Free Will – Universal Causation

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In this paper, I will argue that the principle of universal causation is inconsistent with free will. Universal Causation is the principle that all events or actions that occur have a prior event or action that caused that specific event or action to take place. Varying philosophical schools of thought including the hard determinism, libertarianism, and both the traditional and the hierarchical compatibilism strive to explain the problem surrounding free will in societies. Arguments promoting and criticizing the aspect of free will are presented in the different theories.

One of the theories that argue that free will is an illusion is hard determinism which is the doctrine that there are no free actions. People who accept this are known as hard determinists. They believe that everything is causally determined and because of this, no one acts freely. (Vaughn, 180-181) The philosophical theory of hard determinism is based on the principles of causal determinism, which is the doctrine that every event is the consequence of past events plus the laws of nature. Incompatibilism is the doctrine that causal determinism is incompatible with the view that we sometimes act freely. (Vaughn, 184)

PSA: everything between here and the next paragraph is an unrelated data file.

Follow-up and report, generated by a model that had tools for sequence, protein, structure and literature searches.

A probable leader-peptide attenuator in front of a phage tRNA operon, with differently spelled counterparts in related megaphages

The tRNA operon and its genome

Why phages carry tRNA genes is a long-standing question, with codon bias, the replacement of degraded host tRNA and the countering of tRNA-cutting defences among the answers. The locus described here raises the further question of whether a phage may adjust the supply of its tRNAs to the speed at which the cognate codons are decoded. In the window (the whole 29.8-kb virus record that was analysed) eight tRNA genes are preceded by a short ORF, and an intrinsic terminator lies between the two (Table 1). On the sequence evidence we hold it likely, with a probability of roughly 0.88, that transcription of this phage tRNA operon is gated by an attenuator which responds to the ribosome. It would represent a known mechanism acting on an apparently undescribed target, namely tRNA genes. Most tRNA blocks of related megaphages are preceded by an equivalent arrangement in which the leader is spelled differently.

Libertarianism is the doctrine that free actions are caused by selves (agents, persons). (Vaughn) Two arguments that correlate with the libertarian free will are the argument from experience and the argument from deliberation. The argument from experience explains that there are alternatives opens to us and that nothing prevents us from choosing any one of them. We as humans are under the impression that we act freely because we experience making alternative choices or decisions every day. The argument from deliberation is the experience of deliberating about which action to choose.

Traditional compatibilism is the doctrine that free actions are (1) caused by one’s will and (2) not externally constrained. (Vaughn, 203) Hierarchical compatibilism is the doctrine that free actions are caused by second-order volitions that one decisively identifies with. (Vaughn, 209) First-order desire is a desire directed on an object or state of affairs. An example of these desires would be things like food, clothing, and shelter as well as conditions like being healthy, being well informed, and being well paid.

Second-order desire is a desire directed on a first-order desire. An example of these desires would be a smoker that has a desire to not desire to smoke. Second-order volition is a second-order desire on which one wants to act. An example of these desires would be a priest who regularly counsels people with marriage problems. In this situation, the priest might have the desire to know what it’s like to be married however if he got married, he could no longer be a priest. (Vaughn, 208)

Events experienced individually and collectively are the outcomes of previous processes which operate within the confines of the law of nature (Schmidtz et al., 64). It is important to note that human actions result from an informed decision making process and while some conclusions made might be deemed as non-optimal, prior knowledge about the given scenario plays a critical role in informing the choice of an alternative cause of action.